Depending on the nature of the information requested by the potential lender, Experian may need to scour the relevant public records databases and make specific inquiries into financial institutions, landlords, or employers.

How Does Experian Determine My Credit Score?

An Experian credit score ranges from 300 to 850. 850 is a perfect score and tells creditors you are reliable and creditworthy. The lower the score, the less creditworthy and reliable you become. Experian calculates your credit score based on the information in your credit report, including your payment history, credit utilization, length of credit history, types of credit in use, and recent credit activities. While Experian uses a proprietary formula and weighs each factor differently, one missed payment can decrease your credit score by up to 100 points.

How Long Does Information Stay On Experian Credit Report?

Experian keeps most financial information, like account histories, on your credit report for up to seven years. Credit inquiries stay on your Experian credit report for two years. Bankruptcies can last ten years, while positive information may remain indefinitely.

Which Companies Use Experian Credit Reports?

Any lender, loan company, credit card issuer, store, auto dealership, auto financier, utility company, mortgage company, landlord, property manager, insurance company, or bank will use your Experian credit report. Additionally, some employers may review your Experian report if that employer deems your financial responsibility relevant. 

Experian Identity Theft Protection

By law, Experian must provide identity theft protection. Consumers can request a credit freeze, which blocks access to a consumer’s credit report for most inquiries. Experian charges about $25 per month for a credit lock, which allows consumers to require companies that inquire into a credit report to verify the consumer’s identity.

Can Errors Occur in Experian Credit Reports?

Yes. Errors can range from a slightly misspelled name or street address to Experian saying you’re deceased on your credit report. No matter how large or small the error or inaccuracy, it can have massive and hugely devastating consequences on your financial wellbeing. We encourage everyone to check their Experian credit report.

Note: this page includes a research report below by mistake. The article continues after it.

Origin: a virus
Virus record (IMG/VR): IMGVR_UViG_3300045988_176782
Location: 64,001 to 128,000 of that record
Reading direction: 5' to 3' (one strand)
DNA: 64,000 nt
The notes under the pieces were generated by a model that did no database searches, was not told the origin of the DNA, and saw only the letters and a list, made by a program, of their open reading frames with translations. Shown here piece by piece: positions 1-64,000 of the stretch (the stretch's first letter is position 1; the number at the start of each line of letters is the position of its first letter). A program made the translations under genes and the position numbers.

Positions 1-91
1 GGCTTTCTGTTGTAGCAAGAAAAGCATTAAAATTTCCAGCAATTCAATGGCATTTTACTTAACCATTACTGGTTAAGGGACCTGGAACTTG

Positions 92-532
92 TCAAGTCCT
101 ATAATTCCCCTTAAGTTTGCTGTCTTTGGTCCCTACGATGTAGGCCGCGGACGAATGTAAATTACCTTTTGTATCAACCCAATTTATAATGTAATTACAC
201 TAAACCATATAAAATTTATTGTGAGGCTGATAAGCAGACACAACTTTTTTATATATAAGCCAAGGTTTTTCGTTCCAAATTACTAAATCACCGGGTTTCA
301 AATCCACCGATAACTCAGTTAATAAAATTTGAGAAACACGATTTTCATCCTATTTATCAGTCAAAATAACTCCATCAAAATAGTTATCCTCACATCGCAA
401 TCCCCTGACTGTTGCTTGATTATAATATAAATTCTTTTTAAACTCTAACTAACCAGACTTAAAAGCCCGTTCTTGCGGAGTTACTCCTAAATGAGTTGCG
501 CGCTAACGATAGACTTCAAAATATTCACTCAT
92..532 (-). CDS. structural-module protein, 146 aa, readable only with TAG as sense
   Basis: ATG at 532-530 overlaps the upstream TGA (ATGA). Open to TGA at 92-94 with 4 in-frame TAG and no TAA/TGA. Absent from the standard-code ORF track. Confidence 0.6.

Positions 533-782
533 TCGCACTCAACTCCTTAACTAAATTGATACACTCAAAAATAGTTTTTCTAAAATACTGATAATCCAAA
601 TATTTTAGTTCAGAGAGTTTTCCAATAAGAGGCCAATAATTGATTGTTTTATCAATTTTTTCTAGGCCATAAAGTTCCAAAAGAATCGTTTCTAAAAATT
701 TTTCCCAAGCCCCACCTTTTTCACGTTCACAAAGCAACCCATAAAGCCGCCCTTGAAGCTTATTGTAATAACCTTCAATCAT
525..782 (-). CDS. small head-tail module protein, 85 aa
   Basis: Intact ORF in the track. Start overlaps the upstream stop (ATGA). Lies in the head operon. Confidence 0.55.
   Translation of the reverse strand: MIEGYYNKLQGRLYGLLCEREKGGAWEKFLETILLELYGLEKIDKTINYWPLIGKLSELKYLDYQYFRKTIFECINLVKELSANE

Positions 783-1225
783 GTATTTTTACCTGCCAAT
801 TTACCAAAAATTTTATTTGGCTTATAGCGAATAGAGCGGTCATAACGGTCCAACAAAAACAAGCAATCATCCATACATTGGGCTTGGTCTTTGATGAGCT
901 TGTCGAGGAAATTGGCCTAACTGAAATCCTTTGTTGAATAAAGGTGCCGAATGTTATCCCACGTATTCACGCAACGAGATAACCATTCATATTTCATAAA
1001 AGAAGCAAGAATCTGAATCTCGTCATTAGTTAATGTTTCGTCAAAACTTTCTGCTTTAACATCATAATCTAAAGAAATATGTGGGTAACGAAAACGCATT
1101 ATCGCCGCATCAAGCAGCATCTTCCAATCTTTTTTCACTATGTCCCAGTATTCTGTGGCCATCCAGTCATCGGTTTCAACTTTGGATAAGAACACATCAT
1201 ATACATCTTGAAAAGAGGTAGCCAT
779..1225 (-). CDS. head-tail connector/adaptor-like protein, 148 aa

Inaccuracy in Experian Credit Report

Inaccuracies can happen from typographical errors, administrative errors, misspellings, a misplaced apostrophe, getting outdated information from a bank or credit card, getting no information from a lender or bank, or getting incorrect information from a lender or bank. Identity theft can also result in your credit report being inaccurate.

A simple wrong account status or balance can make it appear like you have more debt than you do. A misspelling in your name can add someone else’s debt to your credit report.

Experian Mixed File

A “mixed file” occurs when your Experian credit report includes the financial information and debt liability of another person. This reduces your credit score. Significantly. And is usually due to similar Social Security Numbers or names. Regardless of how it occurs, when it occurs, it can be devastating if you lose a mortgage or loan as a result. If you say, “Experian is pulling the wrong info on my credit report,” contact a consumer protection attorney.

Mistakenly Reported as Deceased by Experian

Experian has also erroneously identified people as deceased.

What Are the Consequences of Having Errors in Your Experian Credit Report?

Any inaccuracy can have life-altering consequences. When a lender or potential lender or potential employer reviews an inaccurate Experian credit report, that lender or employer is not reviewing an accurate picture of you and your creditworthiness. As a result, any inaccuracy can lead to loan denial, credit denial, mortgage denial, or loss of a job offer. This will have devastating effects on your financial well-being and emotional health.

Even if the error does create enough doubt for the lender to deny your loan, a diminished credit score can result in higher interest rates and more unfavorable loan terms. This means that you will pay more your loan than you should.

You Can Contact Experian if You Need to Correct an Error in Credit Report

The FCRA requires Experian to use reasonable procedures to make sure that its credit reports are accurate. Credit report accuracy is so crucial that when Experian fails, the FCRA provides an avenue and regulations for consumers to dispute the information. A credit report lawyer can help you in your dispute and tell you how to remove hard inquiries from Experian.